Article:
Wedbush, whose $80 target has already been surpassed, thinks "Chinese e-commerce appears to have room to grow at 30%+ for several years." CRT Capital's $95 target implies a multiple of 26x 2016E EPS, something it considers justified given a 35%+ revenue CAGR is forecast for 2014-2017.
On SA, Triton Research observes Alibaba's 2013 marketplace revenue as a % of GMV (3.1%) was a tiny fraction of eBay's (19.3%), leaving plenty of room for growth even if eBay-like monetization isn't feasible in China.
Value Record is more cautious, viewing Alibaba's VIE legal structure as a risk and questioning how successful its international expansion plans will be - Baidu and many other Chinese Web names have had a rough time trying to replicate their domestic success.
Yahoo (YHOO -2.7%) closed lower, albeit off the day's lows. With shorts having trouble borrowing Alibaba shares, some may have settled for shorting Yahoo instead.
Josh Brown thinks Yahoo's pending IPO windfall and large remaining Alibaba stake once more make it a prime target for an activist. "There is absolutely no way, in my opinion, they're going to allow this management team, this board of directors to take $6 billion, do a buyback and then have another free $6 billion in cash to experiment."
The offer underlines the value of consumer-facing brands lurking in the majors’ downstream chemicals divisions, and a Bloomberg analysis suggests TOT could take a cue from Sinopec's sale of a stake in its fuel retailing business; a TOT spinoff of its gas station business could bring in ~$12B.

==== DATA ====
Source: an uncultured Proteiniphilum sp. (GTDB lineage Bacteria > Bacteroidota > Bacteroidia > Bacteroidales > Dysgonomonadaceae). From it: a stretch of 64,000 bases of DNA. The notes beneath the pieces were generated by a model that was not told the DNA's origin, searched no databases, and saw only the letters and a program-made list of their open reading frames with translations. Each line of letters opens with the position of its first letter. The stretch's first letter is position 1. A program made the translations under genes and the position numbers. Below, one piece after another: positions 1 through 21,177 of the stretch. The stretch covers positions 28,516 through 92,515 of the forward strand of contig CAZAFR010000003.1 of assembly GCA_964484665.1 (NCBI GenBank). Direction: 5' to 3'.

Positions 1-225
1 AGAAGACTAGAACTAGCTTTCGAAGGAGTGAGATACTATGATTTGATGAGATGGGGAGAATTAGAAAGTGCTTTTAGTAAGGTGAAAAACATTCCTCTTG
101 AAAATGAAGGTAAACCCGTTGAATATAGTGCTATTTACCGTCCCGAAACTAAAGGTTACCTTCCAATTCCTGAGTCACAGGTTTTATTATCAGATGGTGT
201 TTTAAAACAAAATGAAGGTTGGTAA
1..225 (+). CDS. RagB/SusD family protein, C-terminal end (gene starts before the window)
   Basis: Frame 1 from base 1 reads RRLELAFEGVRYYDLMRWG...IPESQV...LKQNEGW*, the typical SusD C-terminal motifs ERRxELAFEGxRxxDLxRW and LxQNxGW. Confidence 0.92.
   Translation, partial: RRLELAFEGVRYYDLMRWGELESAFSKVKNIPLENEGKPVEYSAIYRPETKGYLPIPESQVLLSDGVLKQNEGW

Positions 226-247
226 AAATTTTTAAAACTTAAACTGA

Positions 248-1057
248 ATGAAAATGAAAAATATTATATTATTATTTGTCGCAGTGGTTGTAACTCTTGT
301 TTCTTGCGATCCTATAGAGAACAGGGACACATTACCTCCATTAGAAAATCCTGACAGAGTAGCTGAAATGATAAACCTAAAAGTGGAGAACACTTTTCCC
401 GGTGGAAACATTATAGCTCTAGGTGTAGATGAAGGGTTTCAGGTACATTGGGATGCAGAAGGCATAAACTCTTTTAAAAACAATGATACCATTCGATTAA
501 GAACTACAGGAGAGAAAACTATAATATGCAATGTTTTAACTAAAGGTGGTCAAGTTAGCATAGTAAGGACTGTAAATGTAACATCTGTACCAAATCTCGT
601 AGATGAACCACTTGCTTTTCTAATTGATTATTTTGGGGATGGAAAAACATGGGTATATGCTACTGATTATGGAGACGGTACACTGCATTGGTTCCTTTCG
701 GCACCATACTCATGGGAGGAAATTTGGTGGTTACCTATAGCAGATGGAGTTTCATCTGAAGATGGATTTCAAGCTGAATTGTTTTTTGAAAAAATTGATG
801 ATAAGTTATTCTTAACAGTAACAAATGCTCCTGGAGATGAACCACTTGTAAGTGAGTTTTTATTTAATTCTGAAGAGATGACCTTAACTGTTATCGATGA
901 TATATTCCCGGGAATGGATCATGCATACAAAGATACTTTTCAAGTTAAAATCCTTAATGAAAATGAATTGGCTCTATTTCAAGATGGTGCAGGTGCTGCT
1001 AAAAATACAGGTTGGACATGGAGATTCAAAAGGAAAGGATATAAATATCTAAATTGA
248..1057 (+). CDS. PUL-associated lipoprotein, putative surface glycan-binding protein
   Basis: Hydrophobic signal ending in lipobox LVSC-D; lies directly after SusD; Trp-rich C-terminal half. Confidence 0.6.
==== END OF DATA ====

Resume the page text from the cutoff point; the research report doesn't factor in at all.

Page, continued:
While TOT has set a goal to raise crude and natural gas output substantially and to boost cash flow, analysts expect the company to cut its production and cash flow guidance at its Sept. 22 investor day.
SmartEyeglass, Sony's (NYSE:SNE) first stab at creating a pair of smartphone-connected display glasses, have a design that "makes Google Glass look chic," says Engadget.
The site declares SmartEyeglass looks like "a bulky pair of 3D glasses that have been modified to include a 3-megapixel camera, accelerometer, gyroscope, compass, brightness sensor, a microphone and a pretty large battery pack." At the same time, it points out the device can "deliver hologram-like visuals through its lenses," and that its use of a monochrome display improves battery life.
Unlike Google Glass, apps are hosted on smartphones rather than the device itself. An SDK has been released; Sony promises a full commercial launch by the end of March. Glass (also awaiting a full launch) currently has a decent head-start in developer support.
SmartEyeglass is distinct from Sony's gaming-focused Morpheus VR headset, which will face off against the Oculus Rift. A Sony exec claims 85% of Morpheus' development work is now finished, but won't provide an ETA. He does state Sony won't release Morpheus until enough software is available.
The latest speculation over Dresser-Rand (NYSE:DRC) now includes GE, which Financial Times reports is holding talks with DRC management about a possible takeover and is deciding whether to launch a bid.
If it does, it could be the second time GE has faced off against Siemens (OTCPK:SIEGY) over a multibillion-dollar deal in the past six months after competing over the takeover of the energy businesses of Alstom in June.
Siemens reportedly is in talks with DRC about a ~$80/share offer, and Swiss industrial pump maker Sulzer (OTC:SULZF) has said it is in talks with the U.S. oilfield equipment manufacturer about a possible merger.